McGowan, Claire - 'The Fall'
This is a story of a privileged couple a short time before their expensive wedding of the year. He works for a bank and she in PR. Their lifestyle is full of luxury, indulgence and they can have anything they want. The world is their oyster and then it comes tumbling down.
Dan is stressed, the work culture he is part of demands long hours with total commitment, no matter what they ask you to do. Charlotte is in a world of her own, obsessed with her dream wedding, money slipping through her fingers with no thought to the final cost.
One evening Dan tells Charlotte that his bank is in financial trouble. He persuades Charlotte to go out to a new club to help them to relax. Before they set off he persuades her to join him in trying some cocaine, a gift from his boss. The evening is a confusion of people and noise, Charlotte's head whirling from the drug and so she barely notices when Dan's credit card is refused and he is invited into the manager's office.
Early the next morning they are woken by the police who have come to see Dan. The manager of the club has been found brutally murdered and Dan's credit card found in his office. Charlotte protests his innocence but Dan cannot remember what happened. He remembers punching the guy but that is all. The tabloids quickly name him the “Banker Butcher” after details of a racist culture at his bank are leaked.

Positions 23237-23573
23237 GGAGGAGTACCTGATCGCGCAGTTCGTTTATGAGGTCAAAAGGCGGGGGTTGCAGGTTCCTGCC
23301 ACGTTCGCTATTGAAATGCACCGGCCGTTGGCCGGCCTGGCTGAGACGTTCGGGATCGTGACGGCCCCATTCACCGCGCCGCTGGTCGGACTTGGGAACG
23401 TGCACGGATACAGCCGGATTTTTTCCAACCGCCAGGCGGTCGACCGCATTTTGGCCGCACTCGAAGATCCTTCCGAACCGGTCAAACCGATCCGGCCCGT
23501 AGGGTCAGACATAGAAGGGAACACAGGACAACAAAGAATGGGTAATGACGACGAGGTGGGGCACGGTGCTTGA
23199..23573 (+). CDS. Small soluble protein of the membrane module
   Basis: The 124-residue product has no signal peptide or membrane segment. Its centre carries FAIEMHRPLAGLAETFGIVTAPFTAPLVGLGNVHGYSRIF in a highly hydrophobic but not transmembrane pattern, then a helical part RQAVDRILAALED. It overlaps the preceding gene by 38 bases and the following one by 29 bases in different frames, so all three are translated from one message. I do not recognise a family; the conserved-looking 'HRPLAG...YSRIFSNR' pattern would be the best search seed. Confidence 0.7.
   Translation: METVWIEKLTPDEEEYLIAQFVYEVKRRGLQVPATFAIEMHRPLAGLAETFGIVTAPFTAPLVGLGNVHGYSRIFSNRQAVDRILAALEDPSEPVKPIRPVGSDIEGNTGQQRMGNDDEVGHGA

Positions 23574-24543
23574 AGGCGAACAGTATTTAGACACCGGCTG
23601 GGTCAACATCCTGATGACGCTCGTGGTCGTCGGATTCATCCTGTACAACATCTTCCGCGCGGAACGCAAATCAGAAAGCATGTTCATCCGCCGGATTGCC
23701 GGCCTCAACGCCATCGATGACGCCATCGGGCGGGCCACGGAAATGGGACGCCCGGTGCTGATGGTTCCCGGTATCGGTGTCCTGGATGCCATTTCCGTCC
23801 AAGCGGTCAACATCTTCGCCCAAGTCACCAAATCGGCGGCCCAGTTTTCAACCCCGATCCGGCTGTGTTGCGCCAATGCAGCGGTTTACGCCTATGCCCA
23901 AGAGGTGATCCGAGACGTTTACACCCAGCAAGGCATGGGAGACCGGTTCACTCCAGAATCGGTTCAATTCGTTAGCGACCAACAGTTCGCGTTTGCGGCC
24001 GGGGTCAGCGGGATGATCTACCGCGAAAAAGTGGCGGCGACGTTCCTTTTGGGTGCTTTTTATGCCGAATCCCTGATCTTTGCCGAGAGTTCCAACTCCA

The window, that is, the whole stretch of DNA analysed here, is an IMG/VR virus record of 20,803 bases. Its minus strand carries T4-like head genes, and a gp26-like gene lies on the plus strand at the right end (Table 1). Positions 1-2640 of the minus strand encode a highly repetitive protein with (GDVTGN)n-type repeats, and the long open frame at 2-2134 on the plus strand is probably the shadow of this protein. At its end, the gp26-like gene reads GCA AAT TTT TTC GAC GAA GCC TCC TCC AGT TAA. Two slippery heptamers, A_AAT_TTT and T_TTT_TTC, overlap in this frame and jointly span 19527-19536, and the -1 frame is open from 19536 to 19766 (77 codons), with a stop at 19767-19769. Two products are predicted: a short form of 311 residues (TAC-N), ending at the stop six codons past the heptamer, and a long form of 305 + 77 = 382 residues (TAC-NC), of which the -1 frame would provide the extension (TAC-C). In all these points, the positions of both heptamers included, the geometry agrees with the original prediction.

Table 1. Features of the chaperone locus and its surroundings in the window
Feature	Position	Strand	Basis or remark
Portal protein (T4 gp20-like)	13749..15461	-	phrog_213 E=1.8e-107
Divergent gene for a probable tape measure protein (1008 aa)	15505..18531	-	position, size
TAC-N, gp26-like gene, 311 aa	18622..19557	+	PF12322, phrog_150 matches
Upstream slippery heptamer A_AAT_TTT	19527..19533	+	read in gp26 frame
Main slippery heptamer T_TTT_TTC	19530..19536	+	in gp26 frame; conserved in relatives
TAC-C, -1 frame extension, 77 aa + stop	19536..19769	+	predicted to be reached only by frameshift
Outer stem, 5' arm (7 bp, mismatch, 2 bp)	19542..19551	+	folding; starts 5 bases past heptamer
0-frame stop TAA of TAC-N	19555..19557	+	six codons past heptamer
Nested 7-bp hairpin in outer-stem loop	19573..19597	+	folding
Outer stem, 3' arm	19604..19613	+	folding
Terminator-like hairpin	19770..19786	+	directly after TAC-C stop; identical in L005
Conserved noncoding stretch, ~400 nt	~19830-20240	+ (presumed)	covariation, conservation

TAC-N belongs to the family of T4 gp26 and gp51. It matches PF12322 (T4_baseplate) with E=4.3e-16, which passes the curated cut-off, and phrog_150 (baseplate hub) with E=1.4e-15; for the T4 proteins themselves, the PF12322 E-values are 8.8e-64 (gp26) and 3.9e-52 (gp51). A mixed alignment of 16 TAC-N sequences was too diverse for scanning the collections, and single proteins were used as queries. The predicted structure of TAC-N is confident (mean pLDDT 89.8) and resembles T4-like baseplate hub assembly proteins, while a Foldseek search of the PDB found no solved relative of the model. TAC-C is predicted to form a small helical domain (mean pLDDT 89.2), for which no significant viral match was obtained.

Circumstantial evidence piles up and Dan is charged with murder. Charlotte soon finds that she is the only one who believes in his innocence, that her friends are only fair-weather friends and that she is on her own. The only person who seems to be able and willing to help is Keisha, a young woman whose child is in care, who is running from her violent boyfriend and who seems to know more about the night in the club that she is telling.
At first I felt no sympathy for Charlotte and Dan - their world is so privileged and they seem oblivious to how people not in their world live. The story is as much about the changes that are forced on them as about the murder and its resolution. Keisha's story on the other hand is one of lost promise and poverty. Her choices seem limited and yet she is the one to offer hope to Charlotte. The way their worlds collide makes an interesting and believable read.
THE FALL is a powerful story that builds to a satisfying climax; an enjoyable although at times, uncomfortable, read. A book that makes one realise how a comfortable, complacent life can so quickly be lost. This is a first novel and I will be looking for more books by this author.
Read another review of THE FALL.
Susan White, England
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